5. Dual Op Amps. This JRC4558 device, by Artschip, is a high-performance monolithic dual operational amplifier.
     

 

Main PCB

The main (black) PCB looks to be a high-quality board. It's a double-sided PCB (no internal layers) with rather hefty power and ground planes which are necessary given the high-power capabilities of the system. The board thickness is 0.062" (62 mils) which is an industry standard.

Although the color green is the default/standard color for PCBs, black is also an industry standard. Most board houses offer a variety of PCB colors, including black, blue, white, and red.

 

Conclusion

The Lepy LP-168 Hi-Fi Stereo USB Audio Amplifier with Bluetooth, by NKTECH, has the look and feel of being a high-quality product, including its assembly, chosen materials, and completed fit-and-finish—all the parts are solidly connected and the overall product is aesthetically pleasing. Without having schematics and layout files available, the design itself looks to be adequate for the low price of $46.99.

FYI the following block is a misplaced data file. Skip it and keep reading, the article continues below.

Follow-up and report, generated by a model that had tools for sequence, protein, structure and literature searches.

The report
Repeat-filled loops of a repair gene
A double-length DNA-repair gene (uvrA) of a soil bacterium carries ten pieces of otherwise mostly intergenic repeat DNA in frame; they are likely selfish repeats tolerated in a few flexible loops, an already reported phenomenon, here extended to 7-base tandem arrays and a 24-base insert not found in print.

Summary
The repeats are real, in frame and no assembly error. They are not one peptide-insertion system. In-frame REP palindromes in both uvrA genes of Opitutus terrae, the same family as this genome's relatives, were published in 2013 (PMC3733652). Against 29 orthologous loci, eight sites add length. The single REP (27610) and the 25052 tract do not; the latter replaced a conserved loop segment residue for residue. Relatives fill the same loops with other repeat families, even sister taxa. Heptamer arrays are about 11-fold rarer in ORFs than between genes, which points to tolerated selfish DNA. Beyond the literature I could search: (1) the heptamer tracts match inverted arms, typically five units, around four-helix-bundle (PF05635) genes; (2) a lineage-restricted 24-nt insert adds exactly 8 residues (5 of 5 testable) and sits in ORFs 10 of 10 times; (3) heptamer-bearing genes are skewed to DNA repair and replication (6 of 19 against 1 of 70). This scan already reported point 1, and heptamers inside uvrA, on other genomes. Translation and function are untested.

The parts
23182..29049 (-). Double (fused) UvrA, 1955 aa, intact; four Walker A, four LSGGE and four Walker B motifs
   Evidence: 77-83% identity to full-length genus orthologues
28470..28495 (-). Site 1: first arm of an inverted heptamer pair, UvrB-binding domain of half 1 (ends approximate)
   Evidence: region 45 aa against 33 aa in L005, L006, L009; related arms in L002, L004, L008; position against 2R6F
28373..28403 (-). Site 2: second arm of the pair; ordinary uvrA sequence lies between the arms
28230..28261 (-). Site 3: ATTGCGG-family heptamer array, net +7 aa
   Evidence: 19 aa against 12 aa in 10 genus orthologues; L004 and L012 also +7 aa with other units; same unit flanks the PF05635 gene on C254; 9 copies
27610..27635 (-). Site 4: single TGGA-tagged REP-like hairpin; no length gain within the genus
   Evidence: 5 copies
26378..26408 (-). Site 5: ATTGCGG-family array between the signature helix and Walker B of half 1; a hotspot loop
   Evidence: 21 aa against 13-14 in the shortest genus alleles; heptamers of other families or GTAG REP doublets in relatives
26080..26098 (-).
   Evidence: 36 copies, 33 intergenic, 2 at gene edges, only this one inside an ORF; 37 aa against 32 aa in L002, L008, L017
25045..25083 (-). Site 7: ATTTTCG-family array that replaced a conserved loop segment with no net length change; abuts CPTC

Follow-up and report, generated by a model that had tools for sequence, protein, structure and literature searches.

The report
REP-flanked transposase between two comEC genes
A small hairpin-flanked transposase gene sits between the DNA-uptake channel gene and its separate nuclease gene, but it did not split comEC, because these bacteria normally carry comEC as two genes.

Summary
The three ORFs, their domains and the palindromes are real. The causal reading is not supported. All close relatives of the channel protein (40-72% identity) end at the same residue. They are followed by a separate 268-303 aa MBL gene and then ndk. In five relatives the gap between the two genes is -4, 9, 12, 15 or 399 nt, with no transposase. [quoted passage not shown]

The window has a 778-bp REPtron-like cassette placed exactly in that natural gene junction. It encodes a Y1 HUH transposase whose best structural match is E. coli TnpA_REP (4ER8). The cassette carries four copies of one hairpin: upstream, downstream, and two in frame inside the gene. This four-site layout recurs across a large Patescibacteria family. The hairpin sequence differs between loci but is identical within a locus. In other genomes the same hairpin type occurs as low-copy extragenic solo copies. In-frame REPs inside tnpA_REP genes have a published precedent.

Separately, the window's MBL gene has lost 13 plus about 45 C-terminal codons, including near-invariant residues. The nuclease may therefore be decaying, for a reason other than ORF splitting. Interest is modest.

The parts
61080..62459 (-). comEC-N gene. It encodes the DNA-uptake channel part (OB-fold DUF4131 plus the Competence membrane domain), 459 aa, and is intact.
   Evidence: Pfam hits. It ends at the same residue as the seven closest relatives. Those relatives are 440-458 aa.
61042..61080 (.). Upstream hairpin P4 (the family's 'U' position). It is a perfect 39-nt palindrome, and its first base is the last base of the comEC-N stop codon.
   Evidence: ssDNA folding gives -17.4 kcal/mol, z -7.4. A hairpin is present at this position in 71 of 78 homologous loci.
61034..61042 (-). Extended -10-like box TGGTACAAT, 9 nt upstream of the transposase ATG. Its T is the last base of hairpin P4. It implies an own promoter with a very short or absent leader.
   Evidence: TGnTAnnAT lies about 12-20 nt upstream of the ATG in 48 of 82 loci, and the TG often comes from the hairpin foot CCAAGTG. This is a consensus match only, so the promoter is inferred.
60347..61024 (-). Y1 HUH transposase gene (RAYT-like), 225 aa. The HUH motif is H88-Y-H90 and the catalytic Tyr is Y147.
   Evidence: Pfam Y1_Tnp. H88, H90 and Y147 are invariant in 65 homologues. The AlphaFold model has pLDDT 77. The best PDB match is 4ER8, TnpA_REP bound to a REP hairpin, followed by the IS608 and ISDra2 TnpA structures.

Next Teardown: ThermoPro’s TP07 Wireless Digital Meat Thermometer

 

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Comments

7 Comments


  • Lopsd 2017-08-16

    The certification marks printed on the power supply are fake, not suprised btw

  • ITFlyer 2017-08-25

    A few notes:

    - The “ink” is not ink used to identify proper torque. It is thread locking glue used to keep the nuts from vibrating loose.
    - Pots are measured in ohms, not watts
    - The power supply certification marks are counterfeit. There is no listing in the CSA database for this device, and the UL certification number printed on the label does not exist. I would be suspicious of the safety of this power supply’s design.